I'm off the tour circuit, having just returned from treks with my daughter to bask in the splendor that is Ozomatli, catching them in Portland, Boise and Salt Lake (I didn't do the Seattle gigs...dang!). I'm exhausted. I'm asking myself, "Why not just savor the incredible diversity of their musical genius in the comfort of my living room?" Gosh, I have the brown suede couch, the nice hardwood floors, the wonderful vintage landscape photos, the thriving plants, the attentive golden retriever, the okay sound system...why would I trade this all for a live gig? What am I, nutz?
The answer lies, I think, in the exchange of facial expression and gesture between artist and appreciator. The sounds I hear at live shows aren't substantially different from those in my living room...in fact, they may be of lesser quality. They may be hampered by rowdies (like the big guy singing behind me last night...Give it a rest, Dude). They may be diminished by ear plugs, kind of a given at most live shows. For me, the plugs make the show more comfortable, but they cut out some cool stuff I'm used to hearing. The sounds may be limited by the acoustics of the venue: super last night, but not always the case.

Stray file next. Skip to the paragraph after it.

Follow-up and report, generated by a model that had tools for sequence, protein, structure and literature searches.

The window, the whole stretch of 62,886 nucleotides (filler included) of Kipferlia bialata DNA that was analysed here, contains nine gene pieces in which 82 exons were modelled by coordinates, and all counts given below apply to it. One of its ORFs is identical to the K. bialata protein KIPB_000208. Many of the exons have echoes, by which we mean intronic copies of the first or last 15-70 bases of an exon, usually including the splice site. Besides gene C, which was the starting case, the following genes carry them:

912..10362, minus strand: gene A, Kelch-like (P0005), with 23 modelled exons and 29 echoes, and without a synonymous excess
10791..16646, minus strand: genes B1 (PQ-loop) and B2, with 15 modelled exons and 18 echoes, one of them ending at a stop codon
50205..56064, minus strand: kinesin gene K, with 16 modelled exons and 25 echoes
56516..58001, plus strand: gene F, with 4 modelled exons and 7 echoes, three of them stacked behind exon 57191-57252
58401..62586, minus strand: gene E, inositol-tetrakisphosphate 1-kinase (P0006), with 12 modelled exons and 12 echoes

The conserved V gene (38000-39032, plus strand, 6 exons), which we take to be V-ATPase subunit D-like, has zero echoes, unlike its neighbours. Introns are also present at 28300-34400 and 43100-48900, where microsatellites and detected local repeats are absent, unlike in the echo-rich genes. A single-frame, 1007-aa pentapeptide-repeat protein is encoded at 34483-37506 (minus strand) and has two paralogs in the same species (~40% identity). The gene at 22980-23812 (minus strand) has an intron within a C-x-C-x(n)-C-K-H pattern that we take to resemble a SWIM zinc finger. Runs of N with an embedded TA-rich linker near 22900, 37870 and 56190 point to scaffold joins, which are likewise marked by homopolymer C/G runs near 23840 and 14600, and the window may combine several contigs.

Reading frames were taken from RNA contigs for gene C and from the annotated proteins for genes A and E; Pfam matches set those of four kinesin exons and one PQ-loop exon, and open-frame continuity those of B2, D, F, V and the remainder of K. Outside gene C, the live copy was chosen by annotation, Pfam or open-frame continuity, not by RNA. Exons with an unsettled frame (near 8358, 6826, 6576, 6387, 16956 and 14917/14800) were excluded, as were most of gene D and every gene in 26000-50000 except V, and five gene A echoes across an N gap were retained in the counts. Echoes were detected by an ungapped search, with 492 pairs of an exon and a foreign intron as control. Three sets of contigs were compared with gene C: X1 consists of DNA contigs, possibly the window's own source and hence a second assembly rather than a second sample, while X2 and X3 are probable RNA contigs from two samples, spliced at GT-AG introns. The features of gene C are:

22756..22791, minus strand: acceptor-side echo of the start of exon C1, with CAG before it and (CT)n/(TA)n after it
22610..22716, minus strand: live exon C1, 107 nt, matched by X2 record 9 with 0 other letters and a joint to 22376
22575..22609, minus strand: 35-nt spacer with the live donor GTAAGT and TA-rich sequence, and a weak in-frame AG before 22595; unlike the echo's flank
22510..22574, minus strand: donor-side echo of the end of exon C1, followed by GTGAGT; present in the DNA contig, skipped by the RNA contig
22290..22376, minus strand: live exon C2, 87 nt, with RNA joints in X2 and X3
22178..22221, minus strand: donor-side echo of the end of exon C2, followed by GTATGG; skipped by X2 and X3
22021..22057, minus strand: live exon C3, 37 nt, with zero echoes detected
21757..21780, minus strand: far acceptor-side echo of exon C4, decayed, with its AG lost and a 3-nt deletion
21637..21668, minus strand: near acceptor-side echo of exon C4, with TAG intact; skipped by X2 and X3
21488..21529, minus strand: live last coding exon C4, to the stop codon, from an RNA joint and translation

Why, then, do I want to trade my serene salon for the sticky-floor, giddy-chick, pushy scene that is a live concert? Connection. Yeah, that's it. The immediacy of these artists magnifies the music. The percussion is the same; guitar the same; lyrical cantos the same. It's the presence.
These artists are right in front of me. If I were rude, I could touch them. They are creating, just for me. The aesthetic process is unfurling before my eyes and ears. Their reason for being is vivid: they live to perform. I am so grateful for this commitment. I can see joy in their eyes as they watch the audience roar in a tsunami of appreciation. I can see true agape as they work with each other to cover little mishaps that might mar the show. I can see the crescendo of satisfaction that each has as he plays a "solo" that stamps a five-star rating on the evening.
I think of my other artist friends: the lovely quilter from Beaverton, the beautifully strange print-maker and potter from eastern Idaho, the Viet Nam vet who writes "manly" novels AND romantic poetry, the stained-glass genius who builds rock walls in her spare time. I ask myself about aesthetic commitment. "I live for my art. My art IS my life." The artists who are Ozomatli give up normalcy in their lives so I can enjoy the connection of gesture and expression that is a live concert.
I am truly blessed by their willingness to do so.